Farmer Producer Organisations (FPOs) are collective entities formed by farmers to pool resources, share knowledge, and engage in collective action. They play a crucial role in empowering farmers, promoting sustainable practices, and addressing the challenges of fragmented landholdings. However, the growth of the FPO ecosystem has stagnated due to challenges related to capacity, leadership, governance, business skills, the enabling ecosystem, and undercapitalisation. Further, the current financing options available to FPOs in India are limited and insufficient, leading to a funding gap that hinders their growth and impact. Challenges such as low paid-up capital from farmers, high interest rates from Non-Banking Financial Companies (NBFC), difficulties in obtaining bank loans due to collateral and credit history requirements, and legal barriers restricting external equity funding, contribute to these limitations.
In addition to the challenges related to accessing formal financial institutions, FPOs have not been able to access investments directly from impact investors, the philanthropic ecosystem or private capital sources. While impact investors are increasingly interested in supporting sustainable agricultural practices and rural development, they do not have any direct channel to finance FPOs.
The establishment of a Social Stock Exchange (SSE) in India holds the potential to revolutionise the funding landscape for FPOs. FPOs in India, driven by both social and commercial imperatives, have strong potential to register and get listed on the SSE. These FPOs inherently fulfil the eligibility requirements outlined in the Securities and Exchange Board of India (SEBI) Technical Group Report, as they promote livelihoods for the rural and urban poor and have a significant portion of their revenues, expenditures, and beneficiaries within the target sectors. Listing on the SSE would provide FPOs with an opportunity to access additional sources of funds, addressing the severe capital and credit shortages they often face. By facilitating the listing of FPOs on the SSE, these organisations can gain access to previously inaccessible capital to scale their business activities, levelling the playing field and allowing them to compete more effectively in the market. Additionally, SSE can enhance transparency, align incentives, institutionalise reporting mechanisms and improve the reputation and bankability of FPOs.
While FPOs have a clear social intent and target underserved populations, making them eligible for listing on the SSE, they may face five key hurdles that could impede their participation. These include:
- Ambiguity in SSE rules regarding FPOs’ eligibility due to lack of explicit mention of FPOs as For-Profit Enterprises (FPEs), despite them fundamentally being FPEs.
- Unsuitability of existing financial instruments on the SSE for FPOs as existing instruments are primarily designed for non-profits (NPOs) and for-profit social enterprises.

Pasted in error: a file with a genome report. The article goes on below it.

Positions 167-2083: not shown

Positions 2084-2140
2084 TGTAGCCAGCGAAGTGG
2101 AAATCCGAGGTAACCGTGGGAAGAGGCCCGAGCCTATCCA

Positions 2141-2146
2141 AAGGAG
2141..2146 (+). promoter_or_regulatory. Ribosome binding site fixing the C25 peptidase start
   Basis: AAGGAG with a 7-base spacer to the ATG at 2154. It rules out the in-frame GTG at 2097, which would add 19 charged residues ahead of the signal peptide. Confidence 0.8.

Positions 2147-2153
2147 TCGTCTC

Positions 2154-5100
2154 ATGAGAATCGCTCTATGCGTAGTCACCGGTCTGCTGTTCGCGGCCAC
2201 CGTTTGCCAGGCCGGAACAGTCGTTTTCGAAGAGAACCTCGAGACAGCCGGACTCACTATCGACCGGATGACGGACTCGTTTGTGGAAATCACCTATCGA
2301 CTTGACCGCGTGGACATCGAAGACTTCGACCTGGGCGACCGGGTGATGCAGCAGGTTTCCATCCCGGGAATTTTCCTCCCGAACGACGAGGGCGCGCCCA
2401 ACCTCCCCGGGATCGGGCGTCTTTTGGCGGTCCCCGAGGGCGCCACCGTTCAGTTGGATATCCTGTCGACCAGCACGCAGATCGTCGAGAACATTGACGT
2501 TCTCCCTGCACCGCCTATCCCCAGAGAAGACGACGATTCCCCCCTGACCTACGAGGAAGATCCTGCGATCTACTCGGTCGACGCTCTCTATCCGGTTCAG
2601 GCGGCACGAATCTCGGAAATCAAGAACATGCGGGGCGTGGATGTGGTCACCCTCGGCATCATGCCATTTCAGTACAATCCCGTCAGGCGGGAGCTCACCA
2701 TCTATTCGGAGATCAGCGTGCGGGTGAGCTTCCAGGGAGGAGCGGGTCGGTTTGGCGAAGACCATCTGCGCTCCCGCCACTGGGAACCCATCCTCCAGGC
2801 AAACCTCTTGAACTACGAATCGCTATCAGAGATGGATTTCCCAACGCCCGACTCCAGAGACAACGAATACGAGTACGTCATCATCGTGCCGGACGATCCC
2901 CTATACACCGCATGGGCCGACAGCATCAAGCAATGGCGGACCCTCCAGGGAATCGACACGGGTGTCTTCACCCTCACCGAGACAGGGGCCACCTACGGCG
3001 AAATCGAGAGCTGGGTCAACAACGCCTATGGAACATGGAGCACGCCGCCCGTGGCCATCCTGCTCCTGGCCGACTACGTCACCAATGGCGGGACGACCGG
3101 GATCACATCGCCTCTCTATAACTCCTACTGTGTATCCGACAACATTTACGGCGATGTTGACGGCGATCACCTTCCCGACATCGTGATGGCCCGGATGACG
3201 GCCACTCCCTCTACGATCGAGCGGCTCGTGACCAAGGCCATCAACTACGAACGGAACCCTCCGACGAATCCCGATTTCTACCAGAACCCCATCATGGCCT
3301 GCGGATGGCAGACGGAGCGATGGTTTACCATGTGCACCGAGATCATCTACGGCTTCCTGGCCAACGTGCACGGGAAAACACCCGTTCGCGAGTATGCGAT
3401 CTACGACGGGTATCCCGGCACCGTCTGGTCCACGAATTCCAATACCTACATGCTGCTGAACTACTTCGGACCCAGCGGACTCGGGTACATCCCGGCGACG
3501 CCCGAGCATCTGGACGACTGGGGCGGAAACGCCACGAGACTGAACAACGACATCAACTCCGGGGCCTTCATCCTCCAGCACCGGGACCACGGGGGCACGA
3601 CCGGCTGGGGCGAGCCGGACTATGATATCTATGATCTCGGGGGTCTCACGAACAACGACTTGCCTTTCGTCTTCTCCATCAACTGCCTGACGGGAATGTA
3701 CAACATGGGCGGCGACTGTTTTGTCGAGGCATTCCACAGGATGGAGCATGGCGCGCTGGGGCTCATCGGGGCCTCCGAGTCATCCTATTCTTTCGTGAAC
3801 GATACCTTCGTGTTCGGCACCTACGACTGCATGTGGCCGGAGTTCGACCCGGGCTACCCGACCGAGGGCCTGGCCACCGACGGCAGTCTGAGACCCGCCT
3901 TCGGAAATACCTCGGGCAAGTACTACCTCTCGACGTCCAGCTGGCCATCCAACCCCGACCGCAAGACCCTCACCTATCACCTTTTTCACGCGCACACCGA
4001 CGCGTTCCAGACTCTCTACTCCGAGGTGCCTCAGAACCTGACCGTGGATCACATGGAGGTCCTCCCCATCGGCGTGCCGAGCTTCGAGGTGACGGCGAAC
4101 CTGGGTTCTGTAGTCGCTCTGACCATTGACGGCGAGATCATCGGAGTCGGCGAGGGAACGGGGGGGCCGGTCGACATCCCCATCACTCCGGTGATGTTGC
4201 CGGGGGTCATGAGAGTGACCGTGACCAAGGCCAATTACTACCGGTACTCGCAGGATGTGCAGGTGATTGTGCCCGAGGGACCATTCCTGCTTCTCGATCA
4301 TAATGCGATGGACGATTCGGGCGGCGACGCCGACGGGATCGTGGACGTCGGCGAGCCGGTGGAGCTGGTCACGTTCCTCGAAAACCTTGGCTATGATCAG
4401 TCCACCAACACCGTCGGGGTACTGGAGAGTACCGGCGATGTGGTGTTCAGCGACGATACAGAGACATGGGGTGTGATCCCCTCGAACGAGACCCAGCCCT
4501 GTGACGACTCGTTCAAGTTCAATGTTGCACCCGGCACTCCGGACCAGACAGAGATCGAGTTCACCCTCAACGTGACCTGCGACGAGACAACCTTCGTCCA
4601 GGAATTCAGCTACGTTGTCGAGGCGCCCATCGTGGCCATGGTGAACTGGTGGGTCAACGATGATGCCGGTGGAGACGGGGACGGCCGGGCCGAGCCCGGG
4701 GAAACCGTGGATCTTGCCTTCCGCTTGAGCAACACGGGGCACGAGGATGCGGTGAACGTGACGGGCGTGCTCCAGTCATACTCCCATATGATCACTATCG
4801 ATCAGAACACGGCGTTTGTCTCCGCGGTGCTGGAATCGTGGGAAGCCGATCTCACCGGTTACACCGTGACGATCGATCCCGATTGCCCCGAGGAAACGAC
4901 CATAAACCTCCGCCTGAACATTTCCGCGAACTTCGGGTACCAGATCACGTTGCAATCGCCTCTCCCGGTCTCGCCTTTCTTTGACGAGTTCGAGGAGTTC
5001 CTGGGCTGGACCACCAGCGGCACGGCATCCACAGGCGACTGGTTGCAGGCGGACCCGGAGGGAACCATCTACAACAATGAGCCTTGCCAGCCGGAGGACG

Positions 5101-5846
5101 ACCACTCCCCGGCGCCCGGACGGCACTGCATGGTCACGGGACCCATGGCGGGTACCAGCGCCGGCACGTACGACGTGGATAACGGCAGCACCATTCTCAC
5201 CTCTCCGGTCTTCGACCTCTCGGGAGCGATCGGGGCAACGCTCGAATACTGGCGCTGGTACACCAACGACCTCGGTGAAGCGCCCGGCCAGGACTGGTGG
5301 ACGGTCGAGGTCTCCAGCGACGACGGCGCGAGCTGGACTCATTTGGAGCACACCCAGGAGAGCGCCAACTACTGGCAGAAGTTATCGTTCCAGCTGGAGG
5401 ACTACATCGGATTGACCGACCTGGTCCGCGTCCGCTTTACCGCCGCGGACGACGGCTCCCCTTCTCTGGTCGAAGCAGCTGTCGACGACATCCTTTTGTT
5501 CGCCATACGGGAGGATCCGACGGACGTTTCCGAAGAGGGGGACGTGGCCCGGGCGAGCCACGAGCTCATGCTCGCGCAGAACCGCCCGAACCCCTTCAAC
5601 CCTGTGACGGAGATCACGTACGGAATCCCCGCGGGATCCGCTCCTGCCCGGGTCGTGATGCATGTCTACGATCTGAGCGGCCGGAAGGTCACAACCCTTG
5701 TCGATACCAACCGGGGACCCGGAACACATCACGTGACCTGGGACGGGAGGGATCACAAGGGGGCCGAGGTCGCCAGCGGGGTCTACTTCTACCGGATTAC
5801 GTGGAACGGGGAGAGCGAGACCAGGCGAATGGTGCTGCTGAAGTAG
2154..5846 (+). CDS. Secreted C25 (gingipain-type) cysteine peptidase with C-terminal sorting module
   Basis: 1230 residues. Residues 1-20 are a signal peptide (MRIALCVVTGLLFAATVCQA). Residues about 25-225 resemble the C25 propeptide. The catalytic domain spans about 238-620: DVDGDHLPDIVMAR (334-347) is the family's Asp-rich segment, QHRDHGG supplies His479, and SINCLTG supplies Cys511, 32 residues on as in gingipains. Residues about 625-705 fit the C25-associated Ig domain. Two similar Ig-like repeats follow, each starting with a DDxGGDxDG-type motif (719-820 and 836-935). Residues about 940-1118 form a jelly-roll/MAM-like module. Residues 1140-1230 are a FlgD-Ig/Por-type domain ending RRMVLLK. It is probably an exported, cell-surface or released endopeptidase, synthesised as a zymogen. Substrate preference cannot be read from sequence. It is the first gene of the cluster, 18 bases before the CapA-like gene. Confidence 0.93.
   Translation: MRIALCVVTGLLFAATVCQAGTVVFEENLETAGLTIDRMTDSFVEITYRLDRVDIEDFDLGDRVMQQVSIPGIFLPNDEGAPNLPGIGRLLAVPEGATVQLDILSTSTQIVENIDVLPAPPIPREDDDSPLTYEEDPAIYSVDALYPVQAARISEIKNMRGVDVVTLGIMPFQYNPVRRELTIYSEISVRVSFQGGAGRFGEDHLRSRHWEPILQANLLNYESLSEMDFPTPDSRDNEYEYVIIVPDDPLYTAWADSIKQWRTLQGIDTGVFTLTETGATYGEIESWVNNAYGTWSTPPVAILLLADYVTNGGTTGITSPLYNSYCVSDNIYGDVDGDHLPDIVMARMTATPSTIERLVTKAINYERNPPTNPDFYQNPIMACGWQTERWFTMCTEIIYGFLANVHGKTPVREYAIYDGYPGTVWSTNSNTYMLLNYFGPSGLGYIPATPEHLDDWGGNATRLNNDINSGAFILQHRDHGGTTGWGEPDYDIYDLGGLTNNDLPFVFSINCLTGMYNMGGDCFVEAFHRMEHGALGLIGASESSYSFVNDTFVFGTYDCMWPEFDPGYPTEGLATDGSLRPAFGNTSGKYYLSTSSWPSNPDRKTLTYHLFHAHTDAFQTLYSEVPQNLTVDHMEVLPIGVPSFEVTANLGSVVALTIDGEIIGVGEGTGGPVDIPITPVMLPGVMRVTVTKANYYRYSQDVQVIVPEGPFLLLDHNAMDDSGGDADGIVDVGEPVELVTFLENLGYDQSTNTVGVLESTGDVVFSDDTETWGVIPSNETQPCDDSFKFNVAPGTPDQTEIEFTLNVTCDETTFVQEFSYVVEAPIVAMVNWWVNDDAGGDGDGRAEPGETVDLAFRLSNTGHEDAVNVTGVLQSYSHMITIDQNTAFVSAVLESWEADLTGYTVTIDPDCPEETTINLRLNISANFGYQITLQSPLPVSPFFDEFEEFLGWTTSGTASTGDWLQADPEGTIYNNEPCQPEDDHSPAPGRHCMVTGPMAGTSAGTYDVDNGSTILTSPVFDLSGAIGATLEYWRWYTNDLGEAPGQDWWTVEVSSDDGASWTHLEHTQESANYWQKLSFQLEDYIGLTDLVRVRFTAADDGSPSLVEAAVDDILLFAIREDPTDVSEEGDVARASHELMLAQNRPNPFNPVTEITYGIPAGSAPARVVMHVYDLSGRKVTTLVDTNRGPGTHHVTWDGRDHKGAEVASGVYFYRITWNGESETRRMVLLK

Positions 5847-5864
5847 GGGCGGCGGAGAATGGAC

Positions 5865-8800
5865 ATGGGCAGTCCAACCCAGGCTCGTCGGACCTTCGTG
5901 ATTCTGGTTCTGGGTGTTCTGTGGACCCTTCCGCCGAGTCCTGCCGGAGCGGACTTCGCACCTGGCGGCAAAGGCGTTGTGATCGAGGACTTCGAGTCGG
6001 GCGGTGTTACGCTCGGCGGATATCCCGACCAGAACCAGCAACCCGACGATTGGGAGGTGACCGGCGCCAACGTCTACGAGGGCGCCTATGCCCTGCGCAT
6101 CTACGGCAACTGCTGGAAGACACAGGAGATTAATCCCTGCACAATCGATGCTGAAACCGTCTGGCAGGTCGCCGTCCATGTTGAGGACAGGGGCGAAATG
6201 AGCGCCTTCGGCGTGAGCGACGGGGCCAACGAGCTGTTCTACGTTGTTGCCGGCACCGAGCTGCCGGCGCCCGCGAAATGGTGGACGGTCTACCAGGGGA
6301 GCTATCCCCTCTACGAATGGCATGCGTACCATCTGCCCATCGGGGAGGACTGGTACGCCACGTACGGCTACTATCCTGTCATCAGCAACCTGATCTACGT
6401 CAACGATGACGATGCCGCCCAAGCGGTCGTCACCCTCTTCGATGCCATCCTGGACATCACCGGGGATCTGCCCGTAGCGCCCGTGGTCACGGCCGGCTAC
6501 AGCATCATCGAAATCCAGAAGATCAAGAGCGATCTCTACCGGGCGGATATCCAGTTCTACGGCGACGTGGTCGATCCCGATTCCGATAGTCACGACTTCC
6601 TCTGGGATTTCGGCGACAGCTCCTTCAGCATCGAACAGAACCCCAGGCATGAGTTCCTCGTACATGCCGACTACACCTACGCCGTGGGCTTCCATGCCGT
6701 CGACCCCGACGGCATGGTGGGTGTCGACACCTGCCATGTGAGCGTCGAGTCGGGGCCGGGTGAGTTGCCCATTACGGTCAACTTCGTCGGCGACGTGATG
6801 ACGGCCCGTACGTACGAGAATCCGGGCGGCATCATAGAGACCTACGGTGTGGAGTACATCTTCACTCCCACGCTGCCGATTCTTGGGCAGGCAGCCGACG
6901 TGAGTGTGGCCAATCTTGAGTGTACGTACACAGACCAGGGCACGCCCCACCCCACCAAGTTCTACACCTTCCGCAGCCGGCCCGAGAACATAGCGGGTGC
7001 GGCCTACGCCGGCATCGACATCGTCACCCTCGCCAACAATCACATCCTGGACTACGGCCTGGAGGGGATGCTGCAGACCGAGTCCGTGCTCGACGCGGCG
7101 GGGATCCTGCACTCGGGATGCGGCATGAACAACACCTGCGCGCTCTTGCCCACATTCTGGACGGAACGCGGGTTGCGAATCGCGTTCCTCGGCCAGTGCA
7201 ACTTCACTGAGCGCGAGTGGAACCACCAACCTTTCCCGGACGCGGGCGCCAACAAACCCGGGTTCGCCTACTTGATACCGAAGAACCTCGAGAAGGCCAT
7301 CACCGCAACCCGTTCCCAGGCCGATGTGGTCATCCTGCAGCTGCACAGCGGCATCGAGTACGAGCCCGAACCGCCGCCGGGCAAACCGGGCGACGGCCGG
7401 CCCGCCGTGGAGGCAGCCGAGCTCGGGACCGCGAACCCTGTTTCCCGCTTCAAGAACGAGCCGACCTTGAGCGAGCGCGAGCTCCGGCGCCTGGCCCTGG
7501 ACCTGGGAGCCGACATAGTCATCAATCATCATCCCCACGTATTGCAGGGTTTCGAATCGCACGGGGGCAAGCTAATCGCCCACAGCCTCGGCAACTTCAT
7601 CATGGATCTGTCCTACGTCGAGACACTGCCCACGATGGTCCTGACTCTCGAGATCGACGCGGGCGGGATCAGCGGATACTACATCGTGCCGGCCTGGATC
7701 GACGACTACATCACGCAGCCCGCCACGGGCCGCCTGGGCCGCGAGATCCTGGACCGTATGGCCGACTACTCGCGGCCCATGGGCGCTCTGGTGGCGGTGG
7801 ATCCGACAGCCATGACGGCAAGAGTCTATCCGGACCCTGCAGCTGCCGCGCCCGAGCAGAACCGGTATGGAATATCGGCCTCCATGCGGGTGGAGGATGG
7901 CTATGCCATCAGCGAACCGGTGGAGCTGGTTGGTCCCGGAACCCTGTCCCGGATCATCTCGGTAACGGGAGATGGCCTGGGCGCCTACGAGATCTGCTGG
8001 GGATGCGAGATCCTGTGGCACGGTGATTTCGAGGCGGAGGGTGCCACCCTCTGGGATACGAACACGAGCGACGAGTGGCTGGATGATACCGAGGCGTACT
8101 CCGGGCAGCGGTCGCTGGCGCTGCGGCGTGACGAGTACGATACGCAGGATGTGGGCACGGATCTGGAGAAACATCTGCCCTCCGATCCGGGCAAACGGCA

- Ineligibility for the Capacity Building Fund (CBF), hindering FPOs’ readiness for SSE listing.
- Challenges in demonstrating financial viability and sustainability due to narrow profit margins, high operational costs, and social trade-offs.
- Limited resources for impact reporting, impeding FPOs’ ability to meet SSE’s reporting standards.
Opening up the SSE for FPOs will require orchestrating efforts among multiple stakeholders and enabling them to come together to form an enabling ecosystem for FPO financing. Going forward, there are six key factors that need to be considered to enable FPOs on the SSE.
To foster the growth of FPOs while ensuring the protection of farmer ownership, it is worth considering the exploration of equity financing options through platforms like the SSE. By allowing private equity investments, subject to appropriate safeguards such as non-voting shares and limitations on external control, and by implementing necessary legal amendments in the FPO policy, we can significantly bolster the financial position of FPOs enabling them to venture beyond farm income and explore off-farm income as well in the long-term.
Please note: This is a live document and will be updated as and when there are new developments.
Authors: Aparna Bhaumik, Piyush Agarwal, Palagati Lekhya Reddy, Vikramjeet Sharma, and Kriti Jain.
We would like to extend our sincere gratitude to Samunnati who supported us in connecting to the Farmer Producer Organisations (FPOs) and financial institutions whose insights helped shape this perspective.
This perspective includes insights from members of the following Farmer Producer Companies (FPC):
• Haritha Mitra FPC, Andhra Pradesh
• Malihabad Mango FPC, Uttar Pradesh
• Kurinji Sustainable Agriculture FPC, Tamil Nadu
Further, insights were also validated through key informant interviews undertaken with the following experts and practitioners:
- Arindom Dutta, Senior Advisor (Independent), Ex-Rabobank
- Aneesha Bali, Project Lead, NAFPO
- Sahil Jain, Investment Manager, Caspian Debt
- Siddharth Chaturvedi, Senior Program Officer, Bill & Melinda Gates Foundation
- Jasmer Dhingra, Director – Programs (India), IDH
- Dr. C Shambu Prasad, Professor, IRMA
- Dr. Sukhpal Singh, Professor, IIM-A
- Richa Govil, Director (School of Development), Azim Premji University
- Venkatesh Tagat, Development Consultant (Independent), Ex-NABARD
- Muhammad Shoaib Rahman, Manager – Impact and Evaluation, Dvara E-Registry
- Anand Chandra, Executive Director and Co-Founder – Arya.ag